A Web view for zowie

The aim of Fuschia was to write a clean, Python-based, blosxom-like blogging tool. As soon as I’d started though, I got grand plans and lost my way. Now I’ve turned back to it as a testing ground for some zowie ideas.

I branched Fuschia to try making a web site by projecting an RDF model along semantic relations. This is very zowie-ish, so I’m going to write about my experiments here.

The view

Here I ran into the dilemma of having either a single model, and constructing views using a projection and a subject (a subject-centric view); or having a graph of views and the models distributed among them (a state-centric view).

A zooming user interface may have a locus of attention (either explicitly as in an insertion point, or guessed from the input device state, like mouse position) but it may not always have an explicit subject aside from the world. Hence it’s difficult to have a subject view; however, you can on the other hand, let the state of the view decide this for you — rendering the view becomes:

  1. start at the top-level view, and find the top-level subject
  2. project the semantic relations (to the current subject) onto spatial relations
  3. for each related subject, make an appropriate view and go to 1.
  4. composite the responses according to the spatial relations

Naturally, the state of a view along with the spatial relations in the projection will mean that some related subjects are outside the clipping area, too small, &c., so these won’t be rendered.

A Web site always has an explicit subject, given by the URL. Our algorithm is very similar to the state-centric case:

  1. make the current subject the one requested
  2. project the semantic relations to the current subject onto Web page relations
  3. for each related subject, make an appropriate view and go to 1.
  4. compose the response HTML according to the Web page relations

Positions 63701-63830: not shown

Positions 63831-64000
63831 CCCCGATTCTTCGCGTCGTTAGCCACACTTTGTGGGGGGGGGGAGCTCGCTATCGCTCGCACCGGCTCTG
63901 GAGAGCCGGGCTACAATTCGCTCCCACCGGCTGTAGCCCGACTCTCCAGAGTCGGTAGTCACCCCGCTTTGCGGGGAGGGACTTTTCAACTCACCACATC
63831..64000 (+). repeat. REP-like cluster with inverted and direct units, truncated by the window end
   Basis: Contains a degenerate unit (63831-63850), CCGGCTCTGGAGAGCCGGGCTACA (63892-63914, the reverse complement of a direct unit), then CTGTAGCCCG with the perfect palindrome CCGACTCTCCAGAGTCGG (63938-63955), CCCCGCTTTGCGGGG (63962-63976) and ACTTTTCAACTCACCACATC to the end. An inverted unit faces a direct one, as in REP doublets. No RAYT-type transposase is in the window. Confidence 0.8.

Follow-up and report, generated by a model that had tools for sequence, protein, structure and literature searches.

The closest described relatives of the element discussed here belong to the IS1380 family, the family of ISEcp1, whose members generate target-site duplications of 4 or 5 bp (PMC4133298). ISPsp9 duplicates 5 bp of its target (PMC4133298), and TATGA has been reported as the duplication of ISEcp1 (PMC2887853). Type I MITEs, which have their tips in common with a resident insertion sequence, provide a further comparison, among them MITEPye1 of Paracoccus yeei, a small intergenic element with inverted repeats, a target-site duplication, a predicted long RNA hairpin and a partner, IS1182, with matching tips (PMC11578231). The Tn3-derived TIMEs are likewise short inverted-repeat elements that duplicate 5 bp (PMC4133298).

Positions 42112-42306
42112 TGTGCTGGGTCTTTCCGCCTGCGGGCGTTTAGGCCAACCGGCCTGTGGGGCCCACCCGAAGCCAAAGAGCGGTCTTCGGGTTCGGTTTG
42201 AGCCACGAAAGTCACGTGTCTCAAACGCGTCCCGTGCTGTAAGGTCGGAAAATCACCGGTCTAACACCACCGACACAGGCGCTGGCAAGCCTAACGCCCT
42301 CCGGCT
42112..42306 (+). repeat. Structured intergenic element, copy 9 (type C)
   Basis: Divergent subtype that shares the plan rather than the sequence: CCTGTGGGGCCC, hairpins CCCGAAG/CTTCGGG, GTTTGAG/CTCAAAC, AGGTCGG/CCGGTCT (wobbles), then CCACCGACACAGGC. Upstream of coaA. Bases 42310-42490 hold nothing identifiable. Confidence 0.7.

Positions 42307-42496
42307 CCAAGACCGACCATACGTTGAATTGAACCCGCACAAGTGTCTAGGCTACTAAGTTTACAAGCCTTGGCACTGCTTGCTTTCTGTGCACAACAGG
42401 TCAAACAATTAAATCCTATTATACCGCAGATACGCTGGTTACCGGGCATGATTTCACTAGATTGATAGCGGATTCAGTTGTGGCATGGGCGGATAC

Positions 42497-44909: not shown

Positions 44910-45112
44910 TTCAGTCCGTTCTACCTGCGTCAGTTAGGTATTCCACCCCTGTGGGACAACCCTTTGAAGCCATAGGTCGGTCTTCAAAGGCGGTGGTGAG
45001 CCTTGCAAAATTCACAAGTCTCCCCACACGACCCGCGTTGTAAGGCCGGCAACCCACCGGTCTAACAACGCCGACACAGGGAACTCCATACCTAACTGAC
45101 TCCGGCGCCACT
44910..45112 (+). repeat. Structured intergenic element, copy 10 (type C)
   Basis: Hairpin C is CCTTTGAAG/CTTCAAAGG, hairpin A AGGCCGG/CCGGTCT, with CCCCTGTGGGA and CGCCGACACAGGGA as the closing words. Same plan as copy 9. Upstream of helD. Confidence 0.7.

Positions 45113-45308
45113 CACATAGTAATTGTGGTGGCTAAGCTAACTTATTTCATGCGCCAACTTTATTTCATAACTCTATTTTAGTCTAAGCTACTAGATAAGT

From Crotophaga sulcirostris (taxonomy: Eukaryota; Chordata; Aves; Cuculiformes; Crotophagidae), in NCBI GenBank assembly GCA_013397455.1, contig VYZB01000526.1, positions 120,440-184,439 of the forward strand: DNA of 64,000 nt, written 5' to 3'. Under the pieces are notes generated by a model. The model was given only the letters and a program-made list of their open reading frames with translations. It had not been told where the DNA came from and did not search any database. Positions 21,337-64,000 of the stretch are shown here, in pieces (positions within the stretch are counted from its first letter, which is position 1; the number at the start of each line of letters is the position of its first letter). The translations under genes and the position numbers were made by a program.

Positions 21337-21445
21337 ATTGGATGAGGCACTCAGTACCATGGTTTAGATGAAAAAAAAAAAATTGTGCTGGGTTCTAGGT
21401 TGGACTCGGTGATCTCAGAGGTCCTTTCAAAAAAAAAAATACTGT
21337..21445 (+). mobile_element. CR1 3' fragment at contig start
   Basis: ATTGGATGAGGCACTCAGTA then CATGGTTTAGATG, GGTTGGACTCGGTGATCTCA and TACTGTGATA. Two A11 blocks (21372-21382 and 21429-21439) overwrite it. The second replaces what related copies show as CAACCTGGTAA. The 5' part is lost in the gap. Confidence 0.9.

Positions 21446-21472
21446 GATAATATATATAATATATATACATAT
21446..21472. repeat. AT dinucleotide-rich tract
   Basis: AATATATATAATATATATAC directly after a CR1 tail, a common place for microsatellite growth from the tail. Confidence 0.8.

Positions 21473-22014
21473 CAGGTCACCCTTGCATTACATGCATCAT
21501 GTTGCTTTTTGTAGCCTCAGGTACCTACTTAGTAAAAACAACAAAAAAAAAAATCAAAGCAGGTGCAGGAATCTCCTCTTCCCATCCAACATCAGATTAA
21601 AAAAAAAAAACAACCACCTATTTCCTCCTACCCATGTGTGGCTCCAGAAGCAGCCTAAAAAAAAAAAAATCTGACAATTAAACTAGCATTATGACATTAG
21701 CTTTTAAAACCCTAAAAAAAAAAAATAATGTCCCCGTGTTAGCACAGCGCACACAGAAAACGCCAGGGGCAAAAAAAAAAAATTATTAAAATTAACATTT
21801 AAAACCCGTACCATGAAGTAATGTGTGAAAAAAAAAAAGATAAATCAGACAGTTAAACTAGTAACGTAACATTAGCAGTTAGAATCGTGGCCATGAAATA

It looks like a Web site (in this experiment) approximates the smoothly interactive interface with discrete, subject-sized steps. The state of the view is implicit in the explicit subject, rather than subjects being interpolated between by the view state.

The model

What do we want from the model? In the MVC sense, a model fulfils two roles: being a value cell, and being observable (letting the view know when the value changes). Since I don’t initially have a controller changing the model, I can not worry so much about being observable, and just hold a value. Primarily, I need to know semantic relations between subjects (resources) and objects (values). These are naturally expressed (because it suits my purpose) as a RDF triples database. My model for a particular subject is the set of relation-arcs leading outwards; for this we really only need a reference to the triples database, the subject itself, and a way to query the database.

I started by representing some facts about (say) a part of the filesystem. We have to know what form these facts are going to be for us to reason using them later, so I use a standard set of facts about containment and names of things. From this basic set of explicit relations and an inference procedure, I can infer other relations such as ancestry, transitive containment, and so on. We can also use these to project our filesystem facts into semantic relations (‘classified-as’), and our semantic relations into view-specific relations (‘linked-to’).

Style and templates

Assumed in the above algorithms is a procedure for determining the appropriate view for a subject. Here I have a number of options, including:

Have a statically configurable map of subject type to view. This is essentially a view factory, and conceptually straight-forward so far as it goes. It leaves the matter of templates alone — concievably some views would use some kind of templates, which leads to coupling between the template language and the view projection.

Use context and selector-matching to determine the view (or style) to use, in the manner of CSS or GSS stylesheets. This is really a refinement of the above; however, since we have context, we can stick to styles and simply have some styles that rule out rendering a subject. We don’t have to resort to control structures or even have templates.

Direct the view rendering through templates entirely, using selectors and control structures, in the manner of XSLT. Although this is a nice pun on XSLT, and could even be workable using XSLT, it is more or less what I’m trying to avoid. I want to extract the relations implied in such templates and keep them explicitly in one place — the projection.